David Gerber, MD, and Chika Nwachukwu, MD, PhD, discuss their role within the Stand Up to Cancer® 4-team initiative, focusing on diversity in early-phase clinical trials.
David Gerber, MD, professor of internal medicine, co-director of the Experimental Therapeutics Program, University of Texas (UT) Southwestern Medical Center, UT Southwestern Simmons Cancer Center, and Chika Nwachukwu, MD, PhD, associate program director, Medical Residency, Harold C. Simmons Comprehensive Cancer Center, assistant professor, Radiation Oncology, UT Southwestern Medical Center, discuss their role within the Stand Up to Cancer® (SU2C) 4-team initiative, focusing on diversity in early-phase clinical trials.
Within the initiative, Gerber and Nwachukwu will focus their transferring care to enhance access to early-phase cancer clinical trials at UT Southwestern Medical Center and community treatment centers.
Enrolling a patient to a cancer clinical trial can still represent a real challenge, Gerber begins. As a clinician thinks about the eligibility of a patient for different trials, conducting research, and eventually finding the right trial, the clinician can often feel like they have run a marathon, despite this being only the initial steps of a patient, Gerber emphasizes. This makes it important to find ways to make this process smoother as possible and trials more accessible for patients, Gerber emphasizes.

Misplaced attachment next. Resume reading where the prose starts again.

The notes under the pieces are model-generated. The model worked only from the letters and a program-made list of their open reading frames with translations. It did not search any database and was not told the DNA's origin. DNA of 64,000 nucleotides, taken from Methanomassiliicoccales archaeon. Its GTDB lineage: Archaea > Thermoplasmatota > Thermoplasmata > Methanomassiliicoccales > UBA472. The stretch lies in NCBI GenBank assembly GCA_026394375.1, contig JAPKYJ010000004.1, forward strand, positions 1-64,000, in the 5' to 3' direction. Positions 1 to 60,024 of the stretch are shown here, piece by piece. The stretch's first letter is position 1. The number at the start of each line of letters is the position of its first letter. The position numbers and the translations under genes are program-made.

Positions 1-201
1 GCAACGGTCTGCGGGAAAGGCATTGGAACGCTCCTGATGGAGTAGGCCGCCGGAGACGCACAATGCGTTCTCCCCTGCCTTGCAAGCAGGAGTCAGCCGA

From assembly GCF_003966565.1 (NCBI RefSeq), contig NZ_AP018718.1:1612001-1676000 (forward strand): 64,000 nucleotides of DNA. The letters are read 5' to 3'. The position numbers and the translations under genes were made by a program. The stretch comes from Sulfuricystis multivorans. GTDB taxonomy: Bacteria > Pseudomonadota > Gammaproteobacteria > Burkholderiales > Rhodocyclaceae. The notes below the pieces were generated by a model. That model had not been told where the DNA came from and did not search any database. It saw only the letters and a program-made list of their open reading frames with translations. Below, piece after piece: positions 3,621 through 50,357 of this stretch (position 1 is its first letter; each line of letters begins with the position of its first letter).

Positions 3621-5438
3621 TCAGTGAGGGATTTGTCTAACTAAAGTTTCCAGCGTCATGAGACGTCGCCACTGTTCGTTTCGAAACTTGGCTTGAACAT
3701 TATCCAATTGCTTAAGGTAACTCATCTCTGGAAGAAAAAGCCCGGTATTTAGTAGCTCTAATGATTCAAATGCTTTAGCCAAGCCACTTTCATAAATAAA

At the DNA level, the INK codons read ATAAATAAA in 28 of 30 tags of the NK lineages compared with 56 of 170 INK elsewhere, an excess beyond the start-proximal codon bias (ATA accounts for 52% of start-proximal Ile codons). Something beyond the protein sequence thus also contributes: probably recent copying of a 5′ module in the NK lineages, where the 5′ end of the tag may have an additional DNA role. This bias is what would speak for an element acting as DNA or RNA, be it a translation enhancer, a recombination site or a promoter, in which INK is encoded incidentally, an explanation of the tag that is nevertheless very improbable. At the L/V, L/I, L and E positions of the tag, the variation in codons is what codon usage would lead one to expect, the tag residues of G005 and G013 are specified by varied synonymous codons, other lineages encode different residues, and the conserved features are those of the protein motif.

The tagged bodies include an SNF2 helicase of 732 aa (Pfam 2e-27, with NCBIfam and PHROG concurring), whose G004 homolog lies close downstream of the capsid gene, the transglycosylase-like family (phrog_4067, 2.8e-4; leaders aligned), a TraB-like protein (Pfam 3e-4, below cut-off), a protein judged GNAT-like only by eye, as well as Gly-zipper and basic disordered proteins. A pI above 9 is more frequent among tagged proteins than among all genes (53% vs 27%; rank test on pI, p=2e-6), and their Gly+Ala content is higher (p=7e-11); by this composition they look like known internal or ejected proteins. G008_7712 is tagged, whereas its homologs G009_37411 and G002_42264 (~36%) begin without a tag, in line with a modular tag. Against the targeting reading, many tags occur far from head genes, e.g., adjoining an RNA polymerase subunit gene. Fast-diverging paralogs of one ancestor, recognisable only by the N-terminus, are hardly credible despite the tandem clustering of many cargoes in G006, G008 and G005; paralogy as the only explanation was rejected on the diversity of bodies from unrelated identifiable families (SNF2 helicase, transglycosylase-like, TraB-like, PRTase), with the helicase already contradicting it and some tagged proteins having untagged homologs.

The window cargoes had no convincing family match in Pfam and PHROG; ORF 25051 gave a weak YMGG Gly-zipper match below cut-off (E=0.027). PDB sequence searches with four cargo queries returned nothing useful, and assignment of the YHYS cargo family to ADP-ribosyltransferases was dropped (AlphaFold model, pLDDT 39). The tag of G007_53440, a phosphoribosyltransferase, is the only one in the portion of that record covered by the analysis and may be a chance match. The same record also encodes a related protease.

Moreover, it must be understood what the barriers and the facilitators to clinical trial participation are by examining individual steps, Gerber notes. Overall, clinicians are hoping to learn about access to trials, particularly through the question of availability, which is one of the most important and least studied facets of the process, Gerber says.
Additionally, given the proximity of existing relationships between safety-net hospitals and National Cancer Institute–designated cancer centers, plus the existence of companies willing to cover the cost of care for clinical trials, these initiatives to improve the enrollment process and transfer care to community centers will be beneficial, Nwachukwu notes. Transferring care for complex trials to a smaller population could be feasible, effective, and efficient with this support. The initiative will aim to examine the timeliness and cost effectiveness for enrolling patients on clinical trials at smaller centers, Nwachukwu adds. Overall, these initiatives could help make it easier for more patients to gain access to early-phase clinical trials, Nwachukwu concludes.
Editor’s note: Dr Gerber reports serving as an advisory board member for Janssen Pharmaceuticals.